These activities describe different ways you and your students can read text aloud in order to develop your students' feeling for the music of the language.

Anthony Sloan

Not only individual sounds, but the way words connect, intonation and rhythm are all important in coming across as an effective, natural-sounding speaker of English. It can be helpful for students to have practice in stretching speech, in playing with it, in exaggerating to help them overcome shyness. You can help in this regard by playing with the language yourself, by making fun of it, by putting on different accents, etc., and by encouraging your students to do the same.

Having a small piece of text which students are familiar with gives them a secure footing from which to jump in different directions.

Activities you can try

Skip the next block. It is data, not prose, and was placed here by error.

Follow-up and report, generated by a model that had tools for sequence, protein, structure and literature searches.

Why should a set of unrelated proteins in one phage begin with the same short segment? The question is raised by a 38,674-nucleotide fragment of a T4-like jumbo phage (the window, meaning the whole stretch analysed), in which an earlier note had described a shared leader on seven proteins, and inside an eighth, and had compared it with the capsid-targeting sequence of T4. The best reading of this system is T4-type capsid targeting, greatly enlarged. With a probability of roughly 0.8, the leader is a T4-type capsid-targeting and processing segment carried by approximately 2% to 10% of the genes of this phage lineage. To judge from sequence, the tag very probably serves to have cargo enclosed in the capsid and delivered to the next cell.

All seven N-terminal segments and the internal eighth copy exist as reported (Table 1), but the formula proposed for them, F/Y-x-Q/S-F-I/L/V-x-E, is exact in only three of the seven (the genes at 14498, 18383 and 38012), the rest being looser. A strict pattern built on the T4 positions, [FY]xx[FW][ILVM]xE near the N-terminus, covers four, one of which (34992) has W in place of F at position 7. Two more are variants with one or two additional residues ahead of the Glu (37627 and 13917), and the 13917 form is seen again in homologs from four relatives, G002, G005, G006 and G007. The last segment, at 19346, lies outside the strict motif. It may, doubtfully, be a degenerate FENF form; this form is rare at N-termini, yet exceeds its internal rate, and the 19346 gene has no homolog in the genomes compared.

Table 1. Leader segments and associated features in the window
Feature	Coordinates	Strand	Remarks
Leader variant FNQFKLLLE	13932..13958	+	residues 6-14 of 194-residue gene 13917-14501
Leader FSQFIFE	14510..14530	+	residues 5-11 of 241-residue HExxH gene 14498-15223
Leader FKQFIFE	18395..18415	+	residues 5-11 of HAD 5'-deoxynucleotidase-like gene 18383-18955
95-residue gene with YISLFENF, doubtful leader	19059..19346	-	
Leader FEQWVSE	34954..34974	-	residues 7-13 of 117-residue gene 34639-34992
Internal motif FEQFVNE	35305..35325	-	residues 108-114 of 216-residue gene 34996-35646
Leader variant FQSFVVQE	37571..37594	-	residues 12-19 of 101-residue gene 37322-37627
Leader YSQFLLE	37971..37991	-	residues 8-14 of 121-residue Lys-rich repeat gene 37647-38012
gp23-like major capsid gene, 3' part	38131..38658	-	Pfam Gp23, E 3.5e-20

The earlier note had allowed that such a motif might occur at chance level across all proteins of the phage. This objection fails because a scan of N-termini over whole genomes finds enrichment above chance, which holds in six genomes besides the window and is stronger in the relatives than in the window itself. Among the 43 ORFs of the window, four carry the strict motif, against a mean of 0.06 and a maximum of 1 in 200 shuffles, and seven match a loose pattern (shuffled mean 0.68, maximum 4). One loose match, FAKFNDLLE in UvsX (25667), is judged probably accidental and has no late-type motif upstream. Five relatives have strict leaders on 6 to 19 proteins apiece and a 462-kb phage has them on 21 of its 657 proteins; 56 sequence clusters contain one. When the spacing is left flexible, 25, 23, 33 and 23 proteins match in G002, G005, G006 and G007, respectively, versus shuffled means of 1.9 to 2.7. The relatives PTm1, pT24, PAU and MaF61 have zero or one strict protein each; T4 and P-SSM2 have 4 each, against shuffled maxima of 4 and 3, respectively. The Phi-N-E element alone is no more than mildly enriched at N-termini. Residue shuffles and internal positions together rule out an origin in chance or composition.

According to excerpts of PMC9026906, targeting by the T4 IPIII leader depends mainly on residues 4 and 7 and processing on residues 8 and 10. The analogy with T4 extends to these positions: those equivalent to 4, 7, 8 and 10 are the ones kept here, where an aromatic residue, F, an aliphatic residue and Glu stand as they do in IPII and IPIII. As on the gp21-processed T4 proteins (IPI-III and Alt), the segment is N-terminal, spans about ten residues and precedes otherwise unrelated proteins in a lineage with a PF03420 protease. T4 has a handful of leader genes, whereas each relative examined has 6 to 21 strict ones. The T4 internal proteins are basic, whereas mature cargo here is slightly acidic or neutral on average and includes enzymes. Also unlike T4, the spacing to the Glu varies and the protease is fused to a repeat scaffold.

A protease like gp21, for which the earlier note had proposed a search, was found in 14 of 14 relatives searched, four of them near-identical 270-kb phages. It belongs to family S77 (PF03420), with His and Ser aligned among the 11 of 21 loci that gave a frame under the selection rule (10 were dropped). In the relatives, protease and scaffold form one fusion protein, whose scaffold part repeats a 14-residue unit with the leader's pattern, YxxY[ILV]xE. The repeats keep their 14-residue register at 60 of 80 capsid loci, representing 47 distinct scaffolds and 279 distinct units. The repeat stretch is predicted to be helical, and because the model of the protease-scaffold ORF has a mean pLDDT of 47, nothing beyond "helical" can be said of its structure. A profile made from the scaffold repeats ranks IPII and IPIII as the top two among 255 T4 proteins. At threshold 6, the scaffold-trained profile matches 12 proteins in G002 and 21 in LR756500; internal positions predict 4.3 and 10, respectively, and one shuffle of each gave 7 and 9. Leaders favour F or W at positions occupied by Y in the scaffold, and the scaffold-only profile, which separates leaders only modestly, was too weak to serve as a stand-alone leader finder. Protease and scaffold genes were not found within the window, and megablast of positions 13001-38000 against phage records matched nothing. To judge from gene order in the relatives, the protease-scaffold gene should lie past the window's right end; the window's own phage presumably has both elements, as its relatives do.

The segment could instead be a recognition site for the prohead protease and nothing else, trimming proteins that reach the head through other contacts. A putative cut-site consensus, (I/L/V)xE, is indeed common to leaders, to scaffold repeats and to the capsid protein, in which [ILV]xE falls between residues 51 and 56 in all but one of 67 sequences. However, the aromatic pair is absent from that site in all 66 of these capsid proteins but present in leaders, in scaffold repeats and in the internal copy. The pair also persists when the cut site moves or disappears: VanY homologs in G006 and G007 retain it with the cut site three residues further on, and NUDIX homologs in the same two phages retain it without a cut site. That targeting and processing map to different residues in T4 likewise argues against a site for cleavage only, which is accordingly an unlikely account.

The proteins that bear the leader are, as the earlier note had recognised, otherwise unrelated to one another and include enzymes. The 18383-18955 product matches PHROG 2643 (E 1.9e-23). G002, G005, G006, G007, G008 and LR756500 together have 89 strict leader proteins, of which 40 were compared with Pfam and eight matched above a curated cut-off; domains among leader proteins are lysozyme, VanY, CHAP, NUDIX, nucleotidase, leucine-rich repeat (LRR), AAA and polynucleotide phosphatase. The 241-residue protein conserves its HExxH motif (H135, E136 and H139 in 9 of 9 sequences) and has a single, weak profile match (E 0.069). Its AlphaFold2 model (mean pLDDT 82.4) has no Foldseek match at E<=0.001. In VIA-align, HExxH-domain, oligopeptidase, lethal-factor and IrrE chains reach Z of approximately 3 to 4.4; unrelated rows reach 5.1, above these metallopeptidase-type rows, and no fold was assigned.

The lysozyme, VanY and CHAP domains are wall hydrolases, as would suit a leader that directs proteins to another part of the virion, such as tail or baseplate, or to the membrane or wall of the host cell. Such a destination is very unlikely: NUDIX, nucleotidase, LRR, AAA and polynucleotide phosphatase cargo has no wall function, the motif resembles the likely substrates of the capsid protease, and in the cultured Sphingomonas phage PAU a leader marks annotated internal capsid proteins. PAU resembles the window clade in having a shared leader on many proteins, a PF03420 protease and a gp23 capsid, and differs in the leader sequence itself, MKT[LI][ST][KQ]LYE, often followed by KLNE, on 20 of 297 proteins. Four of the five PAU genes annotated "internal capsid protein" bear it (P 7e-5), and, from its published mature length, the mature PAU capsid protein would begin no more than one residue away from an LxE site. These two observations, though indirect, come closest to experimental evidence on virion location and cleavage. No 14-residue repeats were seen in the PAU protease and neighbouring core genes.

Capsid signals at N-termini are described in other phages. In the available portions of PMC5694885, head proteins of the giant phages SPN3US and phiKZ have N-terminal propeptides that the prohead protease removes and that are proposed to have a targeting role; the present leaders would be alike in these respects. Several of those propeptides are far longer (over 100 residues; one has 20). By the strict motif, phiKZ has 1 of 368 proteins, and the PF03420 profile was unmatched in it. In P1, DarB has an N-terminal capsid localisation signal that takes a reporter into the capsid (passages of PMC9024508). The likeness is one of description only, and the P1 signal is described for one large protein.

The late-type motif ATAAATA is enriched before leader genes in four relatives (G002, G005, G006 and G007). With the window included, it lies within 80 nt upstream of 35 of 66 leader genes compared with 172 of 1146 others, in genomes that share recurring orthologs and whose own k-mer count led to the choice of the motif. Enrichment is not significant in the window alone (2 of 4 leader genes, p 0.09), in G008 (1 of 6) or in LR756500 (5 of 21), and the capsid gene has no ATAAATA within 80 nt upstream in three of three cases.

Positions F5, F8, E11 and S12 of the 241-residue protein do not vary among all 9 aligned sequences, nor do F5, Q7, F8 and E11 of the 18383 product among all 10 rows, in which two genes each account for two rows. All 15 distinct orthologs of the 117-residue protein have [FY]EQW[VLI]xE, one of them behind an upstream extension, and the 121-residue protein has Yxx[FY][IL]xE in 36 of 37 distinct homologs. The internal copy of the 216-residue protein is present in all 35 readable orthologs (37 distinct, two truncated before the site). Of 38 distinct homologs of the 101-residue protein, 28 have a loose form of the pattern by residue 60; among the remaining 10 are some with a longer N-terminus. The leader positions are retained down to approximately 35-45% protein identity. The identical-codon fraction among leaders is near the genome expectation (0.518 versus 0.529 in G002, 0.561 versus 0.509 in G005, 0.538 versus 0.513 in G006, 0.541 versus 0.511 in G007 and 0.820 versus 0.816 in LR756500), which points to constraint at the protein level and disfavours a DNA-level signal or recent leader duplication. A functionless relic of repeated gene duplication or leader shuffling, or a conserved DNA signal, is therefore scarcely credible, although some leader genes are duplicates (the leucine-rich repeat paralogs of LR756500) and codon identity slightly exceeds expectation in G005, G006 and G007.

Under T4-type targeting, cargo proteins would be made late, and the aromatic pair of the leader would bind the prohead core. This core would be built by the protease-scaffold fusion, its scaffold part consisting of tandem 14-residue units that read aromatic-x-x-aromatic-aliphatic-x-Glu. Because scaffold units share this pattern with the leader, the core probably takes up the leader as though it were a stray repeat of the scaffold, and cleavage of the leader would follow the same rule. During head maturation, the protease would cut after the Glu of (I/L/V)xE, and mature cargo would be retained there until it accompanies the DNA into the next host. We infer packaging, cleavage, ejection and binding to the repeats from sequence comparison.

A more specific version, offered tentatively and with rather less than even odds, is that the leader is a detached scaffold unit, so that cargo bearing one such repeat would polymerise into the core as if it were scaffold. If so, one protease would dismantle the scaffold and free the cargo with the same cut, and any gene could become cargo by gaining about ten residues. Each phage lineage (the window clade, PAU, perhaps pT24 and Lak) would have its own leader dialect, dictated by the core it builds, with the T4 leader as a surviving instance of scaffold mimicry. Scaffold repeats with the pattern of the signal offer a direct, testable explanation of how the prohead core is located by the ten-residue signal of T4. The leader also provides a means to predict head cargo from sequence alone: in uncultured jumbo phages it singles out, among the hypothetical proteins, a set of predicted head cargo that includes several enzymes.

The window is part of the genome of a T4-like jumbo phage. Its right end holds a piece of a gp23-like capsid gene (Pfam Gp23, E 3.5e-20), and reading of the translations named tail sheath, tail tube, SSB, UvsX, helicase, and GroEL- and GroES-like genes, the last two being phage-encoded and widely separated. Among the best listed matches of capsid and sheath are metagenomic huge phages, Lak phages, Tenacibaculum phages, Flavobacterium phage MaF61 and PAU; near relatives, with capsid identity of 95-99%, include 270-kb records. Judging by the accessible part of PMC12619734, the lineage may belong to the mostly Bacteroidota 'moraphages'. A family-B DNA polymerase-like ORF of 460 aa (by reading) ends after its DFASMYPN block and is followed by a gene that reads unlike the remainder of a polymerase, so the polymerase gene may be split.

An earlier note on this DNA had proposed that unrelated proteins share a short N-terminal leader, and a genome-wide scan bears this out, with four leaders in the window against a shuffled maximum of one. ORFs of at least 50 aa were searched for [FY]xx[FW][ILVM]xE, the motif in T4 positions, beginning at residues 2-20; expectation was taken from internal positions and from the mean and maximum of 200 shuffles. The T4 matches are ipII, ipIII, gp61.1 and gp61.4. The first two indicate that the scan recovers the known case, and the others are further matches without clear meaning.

Begin with any text that you have already been looking at for some other purpose. Choose any of the following ways to play with it:

  • Students read the text out in turns, each person reading just one or two words at a time. The idea is to try to get the passage to flow smoothly and with proper intonation.
  • One person reads aloud, and another acts as conductor. Arms up means loud, arms down means soft. Arms left means slow, arms right means fast. Or, the conductor can conduct a choral reading of the passage.
  • You mime an action from the text. Students respond with the corresponding sentence.
  • Students sing the text to a well-known melody. They have to try to fit the words to the music.
  • You write on the board or clap out the stress pattern of a phrase from the text. Students try to read out the appropriate phrase, or any phrase which fits. For example: Ba BA ba-da BA = 'a phrase from the text'.
  • Students compete to see who can read a passage the fastest, without any mistakes.
  • For comprehension, one students reads, another translates into the mother tongue.
  • Students read aloud according to an adverb, which other students can suggest, such as nervously, sadly, angrily, etc.
Language Level

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